This is another reason that I have strong feelings about this episode, and it’s not exactly a pleasant association. I tend to go much more with Dean on this than I do with Sam; I have an appalling lack of faith in things. I like that it’s Dean that is the sick one in need of healing; it makes it that much more fascinating to watch and see the Reaper when Dean is healed and you know that something not-faith-based is at work. In a way, it’s debunking the idea of blind faith, and that’s something I can get behind.

A side tidbit here; Julie Benz is a friend (and former co-star) of Jensen’s best friend, Christian Kane (Benz and Kane were both on Angel together, she as Darla and he as Lindsay, both involved with Wolfram & Hart).

When Dean and Sam get themselves settled into the faith healer’s tent, Dean is content to sit in the rear while Sam makes them move to the second row. Once the service has begun, Dean makes a catty comment about the healer’s spiel, and that brings him to LeGrange’s attention, with the healer teasing Dean, “watch what you say around a blind man with sharp ears.” It takes a lot of coaxing, both from Sam and the audience, but Dean finally makes his way to the stage.

When LeGrange touches him, Dean doesn’t expect anything at first, but then *something* happens that brings Dean to his knees, and then flat unconscious as he falls to the stage. The crowd erupts, Sam sprints to his side, and Dean comes around, but as he does, he sees the blurry shadow of a wizened and wrinkled old man in a black suit.

The next day has Dean at the doctor’s office being checked out, and the doctor delivers a stunning diagnosis; there’s nothing wrong with Dean’s heart, and no sign there ever was. But she also lets drop a little piece of information; out of nowhere yesterday–the day Dean was healed–a young, athletic twenty-seven year old kid dropped dead of a heart attack.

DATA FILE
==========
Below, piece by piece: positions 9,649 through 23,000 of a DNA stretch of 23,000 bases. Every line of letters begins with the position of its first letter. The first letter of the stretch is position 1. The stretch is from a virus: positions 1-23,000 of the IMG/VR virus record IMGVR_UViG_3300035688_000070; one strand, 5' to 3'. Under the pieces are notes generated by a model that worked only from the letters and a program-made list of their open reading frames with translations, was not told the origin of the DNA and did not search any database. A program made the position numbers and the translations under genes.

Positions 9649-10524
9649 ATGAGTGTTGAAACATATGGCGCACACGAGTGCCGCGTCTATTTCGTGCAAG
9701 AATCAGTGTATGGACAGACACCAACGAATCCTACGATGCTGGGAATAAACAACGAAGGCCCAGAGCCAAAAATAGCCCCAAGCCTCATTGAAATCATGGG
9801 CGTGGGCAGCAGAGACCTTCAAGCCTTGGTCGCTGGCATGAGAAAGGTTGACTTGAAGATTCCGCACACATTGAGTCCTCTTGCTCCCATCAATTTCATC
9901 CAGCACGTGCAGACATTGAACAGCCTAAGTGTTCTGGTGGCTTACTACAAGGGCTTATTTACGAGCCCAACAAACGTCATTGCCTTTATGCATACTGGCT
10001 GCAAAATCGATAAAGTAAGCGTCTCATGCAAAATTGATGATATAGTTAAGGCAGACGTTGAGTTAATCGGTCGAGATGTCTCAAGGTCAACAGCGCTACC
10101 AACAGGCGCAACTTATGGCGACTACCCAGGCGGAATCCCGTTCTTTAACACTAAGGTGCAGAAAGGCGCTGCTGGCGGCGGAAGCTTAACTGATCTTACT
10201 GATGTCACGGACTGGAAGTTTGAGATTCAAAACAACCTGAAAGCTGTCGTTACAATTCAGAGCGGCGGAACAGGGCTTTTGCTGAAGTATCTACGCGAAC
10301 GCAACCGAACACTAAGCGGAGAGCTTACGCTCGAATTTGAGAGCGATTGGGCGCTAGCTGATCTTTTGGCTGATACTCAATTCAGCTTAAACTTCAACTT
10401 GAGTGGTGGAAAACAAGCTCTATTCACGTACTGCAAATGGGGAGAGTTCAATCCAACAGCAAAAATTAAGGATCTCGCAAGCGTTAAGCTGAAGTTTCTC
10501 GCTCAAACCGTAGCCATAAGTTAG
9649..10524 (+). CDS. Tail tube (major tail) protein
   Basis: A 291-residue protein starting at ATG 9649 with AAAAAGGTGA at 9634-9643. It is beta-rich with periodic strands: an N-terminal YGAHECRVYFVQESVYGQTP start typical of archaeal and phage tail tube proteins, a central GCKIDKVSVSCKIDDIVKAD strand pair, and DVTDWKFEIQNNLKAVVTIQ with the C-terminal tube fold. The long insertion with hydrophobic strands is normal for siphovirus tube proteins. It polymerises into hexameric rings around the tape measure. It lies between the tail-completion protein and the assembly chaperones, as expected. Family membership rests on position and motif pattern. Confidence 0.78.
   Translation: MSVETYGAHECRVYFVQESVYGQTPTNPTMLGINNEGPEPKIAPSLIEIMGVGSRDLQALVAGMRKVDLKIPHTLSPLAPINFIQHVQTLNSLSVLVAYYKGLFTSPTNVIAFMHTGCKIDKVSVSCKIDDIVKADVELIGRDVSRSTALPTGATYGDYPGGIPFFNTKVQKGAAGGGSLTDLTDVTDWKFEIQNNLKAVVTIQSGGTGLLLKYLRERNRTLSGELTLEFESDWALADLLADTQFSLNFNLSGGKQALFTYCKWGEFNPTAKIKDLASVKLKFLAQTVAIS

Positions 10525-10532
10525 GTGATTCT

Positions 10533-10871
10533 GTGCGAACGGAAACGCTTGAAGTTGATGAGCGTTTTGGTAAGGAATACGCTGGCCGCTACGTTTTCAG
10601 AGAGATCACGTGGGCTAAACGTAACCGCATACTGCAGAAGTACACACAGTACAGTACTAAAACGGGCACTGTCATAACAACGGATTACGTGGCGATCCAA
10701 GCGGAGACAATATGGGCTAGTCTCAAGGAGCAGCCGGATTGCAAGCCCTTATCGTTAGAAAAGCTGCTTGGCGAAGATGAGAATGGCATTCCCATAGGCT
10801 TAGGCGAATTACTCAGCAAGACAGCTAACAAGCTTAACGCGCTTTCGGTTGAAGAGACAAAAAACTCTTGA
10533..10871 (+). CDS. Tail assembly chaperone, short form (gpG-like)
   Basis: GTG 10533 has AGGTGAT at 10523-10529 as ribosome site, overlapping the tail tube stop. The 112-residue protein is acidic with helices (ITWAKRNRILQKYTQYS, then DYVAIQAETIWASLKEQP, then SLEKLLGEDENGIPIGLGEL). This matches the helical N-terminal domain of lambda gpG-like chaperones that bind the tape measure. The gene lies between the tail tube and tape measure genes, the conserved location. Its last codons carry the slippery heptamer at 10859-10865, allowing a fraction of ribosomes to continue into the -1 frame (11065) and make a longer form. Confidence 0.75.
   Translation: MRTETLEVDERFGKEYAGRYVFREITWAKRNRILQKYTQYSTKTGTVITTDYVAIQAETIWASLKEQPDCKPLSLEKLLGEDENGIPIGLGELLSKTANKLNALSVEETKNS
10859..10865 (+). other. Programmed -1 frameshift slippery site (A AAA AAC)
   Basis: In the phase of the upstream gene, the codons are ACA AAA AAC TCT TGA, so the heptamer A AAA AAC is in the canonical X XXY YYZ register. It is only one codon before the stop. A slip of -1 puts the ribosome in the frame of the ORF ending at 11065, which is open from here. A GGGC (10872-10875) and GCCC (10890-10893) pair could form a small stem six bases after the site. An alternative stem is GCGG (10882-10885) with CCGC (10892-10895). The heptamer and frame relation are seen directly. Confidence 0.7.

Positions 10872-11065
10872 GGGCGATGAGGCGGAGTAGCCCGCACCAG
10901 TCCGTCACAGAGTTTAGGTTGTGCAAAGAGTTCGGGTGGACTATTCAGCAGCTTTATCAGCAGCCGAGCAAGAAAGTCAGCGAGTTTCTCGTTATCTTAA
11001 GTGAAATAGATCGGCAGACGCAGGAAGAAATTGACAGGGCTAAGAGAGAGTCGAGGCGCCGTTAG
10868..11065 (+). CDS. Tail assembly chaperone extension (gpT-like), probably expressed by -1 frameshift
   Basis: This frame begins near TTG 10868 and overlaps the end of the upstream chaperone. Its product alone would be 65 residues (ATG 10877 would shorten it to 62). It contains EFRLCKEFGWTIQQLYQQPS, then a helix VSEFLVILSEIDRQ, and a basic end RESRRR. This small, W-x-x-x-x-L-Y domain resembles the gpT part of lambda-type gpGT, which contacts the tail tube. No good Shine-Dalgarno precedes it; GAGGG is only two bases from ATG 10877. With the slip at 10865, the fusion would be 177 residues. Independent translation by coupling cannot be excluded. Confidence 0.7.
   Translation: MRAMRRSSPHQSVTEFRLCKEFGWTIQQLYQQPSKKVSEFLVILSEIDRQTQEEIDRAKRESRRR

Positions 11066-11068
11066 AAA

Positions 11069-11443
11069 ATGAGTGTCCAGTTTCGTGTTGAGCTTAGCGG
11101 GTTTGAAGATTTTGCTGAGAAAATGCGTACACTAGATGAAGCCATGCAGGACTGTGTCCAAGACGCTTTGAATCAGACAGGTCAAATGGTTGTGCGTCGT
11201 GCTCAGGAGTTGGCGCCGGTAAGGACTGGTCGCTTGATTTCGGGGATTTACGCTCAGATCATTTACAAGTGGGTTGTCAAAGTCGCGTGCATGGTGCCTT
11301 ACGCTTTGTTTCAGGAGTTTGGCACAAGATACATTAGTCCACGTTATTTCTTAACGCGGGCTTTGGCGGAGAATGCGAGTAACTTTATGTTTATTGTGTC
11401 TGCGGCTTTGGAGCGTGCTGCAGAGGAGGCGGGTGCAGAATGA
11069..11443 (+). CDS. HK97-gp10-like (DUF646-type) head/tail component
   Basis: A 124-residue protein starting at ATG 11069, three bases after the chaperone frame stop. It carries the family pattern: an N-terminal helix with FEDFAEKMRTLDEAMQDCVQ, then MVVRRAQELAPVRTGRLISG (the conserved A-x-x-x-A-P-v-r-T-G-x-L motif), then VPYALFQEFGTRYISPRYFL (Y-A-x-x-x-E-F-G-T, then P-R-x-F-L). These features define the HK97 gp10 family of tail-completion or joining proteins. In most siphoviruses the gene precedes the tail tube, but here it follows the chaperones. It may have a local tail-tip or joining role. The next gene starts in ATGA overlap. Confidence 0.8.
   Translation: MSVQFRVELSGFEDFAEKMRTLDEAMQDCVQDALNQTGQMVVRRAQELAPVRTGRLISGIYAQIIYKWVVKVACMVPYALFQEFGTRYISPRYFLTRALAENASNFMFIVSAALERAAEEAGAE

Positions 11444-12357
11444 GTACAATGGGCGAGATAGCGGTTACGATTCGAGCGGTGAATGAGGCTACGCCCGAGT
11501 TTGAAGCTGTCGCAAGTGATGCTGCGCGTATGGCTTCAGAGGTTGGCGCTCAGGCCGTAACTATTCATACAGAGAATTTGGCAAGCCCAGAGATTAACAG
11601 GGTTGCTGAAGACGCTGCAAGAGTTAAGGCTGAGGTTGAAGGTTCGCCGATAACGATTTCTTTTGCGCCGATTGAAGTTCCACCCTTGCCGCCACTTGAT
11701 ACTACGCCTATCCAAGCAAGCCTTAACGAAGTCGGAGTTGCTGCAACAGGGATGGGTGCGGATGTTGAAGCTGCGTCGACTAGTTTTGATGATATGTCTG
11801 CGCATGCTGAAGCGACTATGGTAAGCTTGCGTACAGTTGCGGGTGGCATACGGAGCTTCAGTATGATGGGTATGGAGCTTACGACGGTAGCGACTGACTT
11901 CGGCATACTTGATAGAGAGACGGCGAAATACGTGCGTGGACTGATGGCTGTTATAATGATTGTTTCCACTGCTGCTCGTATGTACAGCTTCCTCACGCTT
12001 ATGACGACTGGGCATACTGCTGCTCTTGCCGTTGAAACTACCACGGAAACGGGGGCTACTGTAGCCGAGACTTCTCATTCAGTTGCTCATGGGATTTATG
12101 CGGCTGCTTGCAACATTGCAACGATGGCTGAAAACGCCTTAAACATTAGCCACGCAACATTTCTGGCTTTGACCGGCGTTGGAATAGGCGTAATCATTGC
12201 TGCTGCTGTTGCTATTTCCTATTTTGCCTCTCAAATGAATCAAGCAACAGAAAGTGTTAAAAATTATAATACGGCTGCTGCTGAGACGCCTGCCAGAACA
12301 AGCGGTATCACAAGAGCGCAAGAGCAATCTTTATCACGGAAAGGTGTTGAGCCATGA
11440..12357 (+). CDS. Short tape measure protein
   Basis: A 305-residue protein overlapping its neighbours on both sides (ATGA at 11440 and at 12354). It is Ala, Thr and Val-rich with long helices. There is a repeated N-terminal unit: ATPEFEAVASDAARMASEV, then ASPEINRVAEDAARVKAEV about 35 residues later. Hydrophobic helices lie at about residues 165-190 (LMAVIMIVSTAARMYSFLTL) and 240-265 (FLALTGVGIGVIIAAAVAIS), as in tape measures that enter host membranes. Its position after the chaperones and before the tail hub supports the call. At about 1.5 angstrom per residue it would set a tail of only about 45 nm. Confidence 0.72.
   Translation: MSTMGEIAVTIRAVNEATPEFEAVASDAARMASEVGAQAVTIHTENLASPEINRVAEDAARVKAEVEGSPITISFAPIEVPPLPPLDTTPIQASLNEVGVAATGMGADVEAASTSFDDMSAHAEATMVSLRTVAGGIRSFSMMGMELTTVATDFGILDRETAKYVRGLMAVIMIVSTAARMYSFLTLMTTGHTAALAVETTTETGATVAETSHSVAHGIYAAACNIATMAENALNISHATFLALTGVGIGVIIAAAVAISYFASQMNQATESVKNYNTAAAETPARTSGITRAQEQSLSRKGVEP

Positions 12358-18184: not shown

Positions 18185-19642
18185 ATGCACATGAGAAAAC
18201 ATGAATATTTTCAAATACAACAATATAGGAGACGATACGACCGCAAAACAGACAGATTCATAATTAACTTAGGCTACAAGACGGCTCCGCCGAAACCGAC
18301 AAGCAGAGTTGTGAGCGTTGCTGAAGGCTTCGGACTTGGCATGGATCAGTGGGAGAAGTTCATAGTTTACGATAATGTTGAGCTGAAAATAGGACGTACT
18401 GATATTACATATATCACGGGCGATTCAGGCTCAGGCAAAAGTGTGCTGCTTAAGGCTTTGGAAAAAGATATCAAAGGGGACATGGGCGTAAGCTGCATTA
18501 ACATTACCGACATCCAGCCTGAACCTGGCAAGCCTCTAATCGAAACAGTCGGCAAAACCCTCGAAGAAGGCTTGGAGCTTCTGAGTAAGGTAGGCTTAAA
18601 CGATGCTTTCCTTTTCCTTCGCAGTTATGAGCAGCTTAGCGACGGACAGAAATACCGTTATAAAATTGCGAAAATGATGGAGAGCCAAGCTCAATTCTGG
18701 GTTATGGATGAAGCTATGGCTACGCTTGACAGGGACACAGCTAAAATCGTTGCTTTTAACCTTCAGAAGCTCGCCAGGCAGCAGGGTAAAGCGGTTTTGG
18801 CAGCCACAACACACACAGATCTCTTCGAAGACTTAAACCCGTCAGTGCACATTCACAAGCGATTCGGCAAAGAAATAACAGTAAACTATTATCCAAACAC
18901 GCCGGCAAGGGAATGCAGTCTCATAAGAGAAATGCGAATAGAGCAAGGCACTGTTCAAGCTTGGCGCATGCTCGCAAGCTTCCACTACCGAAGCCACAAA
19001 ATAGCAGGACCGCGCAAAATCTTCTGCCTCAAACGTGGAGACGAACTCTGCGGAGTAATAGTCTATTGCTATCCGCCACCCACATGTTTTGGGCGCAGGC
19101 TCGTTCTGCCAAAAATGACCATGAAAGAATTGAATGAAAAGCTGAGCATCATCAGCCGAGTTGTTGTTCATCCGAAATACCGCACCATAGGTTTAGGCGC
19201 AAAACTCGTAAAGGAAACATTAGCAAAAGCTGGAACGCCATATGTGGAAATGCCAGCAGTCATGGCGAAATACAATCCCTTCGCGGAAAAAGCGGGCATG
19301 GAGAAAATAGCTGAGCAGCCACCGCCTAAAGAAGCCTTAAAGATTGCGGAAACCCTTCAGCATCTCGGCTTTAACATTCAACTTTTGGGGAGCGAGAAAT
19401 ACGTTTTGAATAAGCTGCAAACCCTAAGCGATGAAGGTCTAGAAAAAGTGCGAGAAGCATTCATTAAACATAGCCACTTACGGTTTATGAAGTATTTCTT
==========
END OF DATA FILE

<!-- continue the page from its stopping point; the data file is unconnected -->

Dean knows it’s not coincidence, but when he wants to pursue it, Sam refuses, wanting to know why they can’t just accept it and move on. Dean protests that he knows something’s wrong, that he saw the spirit, and when Sam says he would have seen it too? Dean snaps, “Hey, psychic wonder, you’re just gonna have to have a little FAITH on this one.”

When Dean visits LeGrange, he goes under the pretense of “trying to make sense out of what happened.” Thinly veiled skepticism is the order of the day as LeGrange and his wife relate the miracle that happened to him; LeGrange woke up blind one morning, he had cancer, not long to live, so he and his wife prayed for a miracle. He slipped into a coma, and when he woke up, the cancer was gone, and he could heal people.

The scene ends with something that I personally think is going to become a huge huge important thing in the second season; Dean asks, “Why me?” and LeGrange answers that he looked into Dean’s heart. When Dean asks what he saw, LeGrange answers, “A young man with an important purpose. A young man with a job to do, and it’s not finished yet.”

Personally, I think his purpose and his job is to help protect Sammy from the Demon, but way more on that in later episodes.

When Dean comes back from his meeting with LeGrange, he finds Sam in their hotel room, quietly near tears and working on the laptop. His first words are, “Dean, I’m sorry.” And he tells everything he’s found out so far; that at the exact same moment–4:17 PM–that Dean was healed, a young man named Marshall Hall died of a heart attack. So Sam did cross-checking and found out that for every healing that LeGrange did, someone else died of the exact same ailment. Dean explodes at his brother, saying that Hall was dead because of Dean, and Sam apologizes again, saying that he didn’t know. Which Dean realizes for truth, and lets it go.

He tells Sam that LeGrange isn’t the one doing the miracles; that there is only one thing that can give and take life like that, and that they are dealing with a Reaper. (During this sequence? Blue Oyster Cult’s Don’t Fear The Reaper is played. And it’s the best song ever.)

Dean and Sam figure out how the Reaper is being controlled through their research–they match the coptic cross on Roy’s altar to a cross on the Death card in a tarot deck, and realize LeGrange has to be using black magic to bind the Reaper and do his bidding. Dean sends Sam to search the LeGrange house while he stalls the next healing, but he finds that a quandary when the person LeGrange chooses to heal is Leila, a woman with an inoperable brain tumor (that’s Julie Benz) whom he finds himself oddly drawn to. He tries to stop Leila, but when that fails, Dean yells that there’s a fire in the tent, causing the evacuation of the tent and the cessation of the healing.